Sometimes, the challenge is recognizing an inefficiency, and the solution and resulting execution of that solution are relatively simple, especially if you have recorded the changes and can use them now to your advantage.

Getting it over with

The basic premise of the book Eat That Frog by Brian Tracy is that if you have to do something unpleasant — like eat a (presumably unseasoned) frog — then you should do it first and get it out of the way. You can apply this strategy to your list of projects by picking the one you and your team are least looking forward to tackling (but that still needs doing, eventually) and putting it front and center.

One project that is good to get out of the way earlier rather than later is any solution that involves firing employees. They’ll know it’s coming the entire time you keep putting it off, and few employees perform worse than those who know they’re out the door anyway. They are also likely to quit before you have the chance to fire them, changing the project milestone dates to meet their terms instead of your original plan.

Biggest savings

Cost savings potential is the stereotypical default driver of efficiency projects. And with good reason — unnecessary expenses are sheer waste, and as long as you’ve thoroughly vetted them to check for unexpected side effects, you should get rid of them.

If your organization is cash-strapped, savings is a natural metric by which to determine the project that’s next on your plate.

Loudest complaints

Perhaps a project won’t save the most amount of money and doesn’t involve any quality-improving new equipment for manufacturing, but the underlying inefficiency is such a pain in the butt that removing it would create an audible sigh of relief across an entire division or organization. Pick that one.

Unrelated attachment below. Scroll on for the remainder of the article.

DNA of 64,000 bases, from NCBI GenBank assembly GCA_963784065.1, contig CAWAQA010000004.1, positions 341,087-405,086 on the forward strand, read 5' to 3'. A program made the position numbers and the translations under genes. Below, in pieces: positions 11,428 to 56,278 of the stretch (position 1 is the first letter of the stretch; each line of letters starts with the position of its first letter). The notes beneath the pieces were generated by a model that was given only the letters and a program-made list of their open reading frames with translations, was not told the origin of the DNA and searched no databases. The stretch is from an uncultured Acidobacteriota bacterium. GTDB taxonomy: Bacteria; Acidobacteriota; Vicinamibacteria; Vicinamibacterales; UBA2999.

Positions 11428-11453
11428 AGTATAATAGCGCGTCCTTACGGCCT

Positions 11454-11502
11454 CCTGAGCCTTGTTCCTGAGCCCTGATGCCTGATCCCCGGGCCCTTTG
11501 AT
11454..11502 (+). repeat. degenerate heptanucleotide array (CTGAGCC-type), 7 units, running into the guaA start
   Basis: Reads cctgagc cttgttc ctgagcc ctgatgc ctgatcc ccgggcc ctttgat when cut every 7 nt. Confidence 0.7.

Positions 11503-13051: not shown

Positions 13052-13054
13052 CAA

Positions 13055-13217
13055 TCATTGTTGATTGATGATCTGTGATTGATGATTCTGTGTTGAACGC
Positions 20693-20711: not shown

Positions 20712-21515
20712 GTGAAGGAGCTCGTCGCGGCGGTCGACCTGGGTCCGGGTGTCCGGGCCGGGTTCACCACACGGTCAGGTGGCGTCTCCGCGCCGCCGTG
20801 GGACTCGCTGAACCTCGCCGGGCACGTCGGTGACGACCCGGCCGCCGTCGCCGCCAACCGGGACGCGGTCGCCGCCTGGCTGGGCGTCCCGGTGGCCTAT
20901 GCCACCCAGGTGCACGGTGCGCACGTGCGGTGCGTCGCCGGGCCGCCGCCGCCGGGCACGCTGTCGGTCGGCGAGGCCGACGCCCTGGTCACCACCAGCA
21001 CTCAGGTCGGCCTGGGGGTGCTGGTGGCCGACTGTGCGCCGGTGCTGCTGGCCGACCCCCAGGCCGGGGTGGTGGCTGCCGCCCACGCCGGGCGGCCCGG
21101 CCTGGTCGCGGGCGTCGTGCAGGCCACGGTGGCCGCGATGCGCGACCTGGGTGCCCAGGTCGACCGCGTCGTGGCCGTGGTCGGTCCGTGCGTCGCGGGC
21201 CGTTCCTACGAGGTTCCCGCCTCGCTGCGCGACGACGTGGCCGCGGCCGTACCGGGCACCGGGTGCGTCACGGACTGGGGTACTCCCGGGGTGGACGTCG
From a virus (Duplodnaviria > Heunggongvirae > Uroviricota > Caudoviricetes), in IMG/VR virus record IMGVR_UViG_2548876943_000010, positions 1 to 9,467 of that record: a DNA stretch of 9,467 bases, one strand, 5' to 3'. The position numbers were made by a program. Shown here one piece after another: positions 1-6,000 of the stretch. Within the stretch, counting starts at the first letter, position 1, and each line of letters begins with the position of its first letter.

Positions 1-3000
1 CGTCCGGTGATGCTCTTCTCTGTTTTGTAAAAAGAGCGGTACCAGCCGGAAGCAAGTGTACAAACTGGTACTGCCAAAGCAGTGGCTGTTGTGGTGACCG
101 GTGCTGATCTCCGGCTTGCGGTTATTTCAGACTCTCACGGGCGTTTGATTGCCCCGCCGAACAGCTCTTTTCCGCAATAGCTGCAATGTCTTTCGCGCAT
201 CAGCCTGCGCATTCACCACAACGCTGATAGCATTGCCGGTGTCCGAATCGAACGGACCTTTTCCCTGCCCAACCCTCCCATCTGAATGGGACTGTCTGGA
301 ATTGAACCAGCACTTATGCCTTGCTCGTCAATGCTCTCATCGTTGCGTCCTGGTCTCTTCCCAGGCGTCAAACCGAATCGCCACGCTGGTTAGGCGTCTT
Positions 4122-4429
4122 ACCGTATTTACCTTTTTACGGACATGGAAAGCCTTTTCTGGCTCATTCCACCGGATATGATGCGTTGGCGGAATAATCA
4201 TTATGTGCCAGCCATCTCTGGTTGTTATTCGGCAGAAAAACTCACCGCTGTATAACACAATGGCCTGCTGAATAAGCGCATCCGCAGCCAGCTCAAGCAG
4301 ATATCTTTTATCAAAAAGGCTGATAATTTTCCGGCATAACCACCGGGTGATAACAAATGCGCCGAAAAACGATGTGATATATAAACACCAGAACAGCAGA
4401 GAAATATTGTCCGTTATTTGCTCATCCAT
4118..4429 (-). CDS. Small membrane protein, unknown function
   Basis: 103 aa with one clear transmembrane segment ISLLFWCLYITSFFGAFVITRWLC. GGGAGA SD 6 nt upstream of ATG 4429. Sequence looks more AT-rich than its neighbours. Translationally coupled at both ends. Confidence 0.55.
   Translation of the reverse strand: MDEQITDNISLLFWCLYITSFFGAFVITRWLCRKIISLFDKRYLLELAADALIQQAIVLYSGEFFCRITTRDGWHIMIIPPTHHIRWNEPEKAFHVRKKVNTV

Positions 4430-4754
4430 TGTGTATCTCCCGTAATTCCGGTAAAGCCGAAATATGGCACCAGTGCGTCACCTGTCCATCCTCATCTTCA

Momentum is an underappreciated asset. When you start out with cost-savings measures, even though they may be in the best interests of the company as a whole, most individual employees think, “Great. No raise for me this year,” and go through the motions to wrap up the project.

If you have an objective they’re excited about, however, that can change everything. Interspersing harder or boring efficiency-enhancing projects with ones that make a tangible positive impact on team members’ lives is a smart way to sustain the efficiency train.

Win over a grumpy employee

They say the squeaky wheel gets the grease, and although we may not like it, this is sometimes a fact of life. Countless business projects derailed by a single person who was determined to resist the change, constantly raising objections, making planning meetings drag on past their expected ends, spotlighting every tiny error, and generally making the team’s life unpleasant to the point that even the most enthused, engaged employees are now having second thoughts. The project’s objective sounded great, sure, but not if it means constantly putting up with Carol.

If you have a Carol in your office, you can’t just close your eyes and hope she goes away. You also cannot try to anticipate her every objection ahead of time — she will always find something. Instead, figure out which inefficiency is plaguing her life the most, and consider moving that to the top of the list.

It’s important that you don’t make any move that may make “Carol” feel her job is in jeopardy, or she will reinforce that wall she has up with steel rods.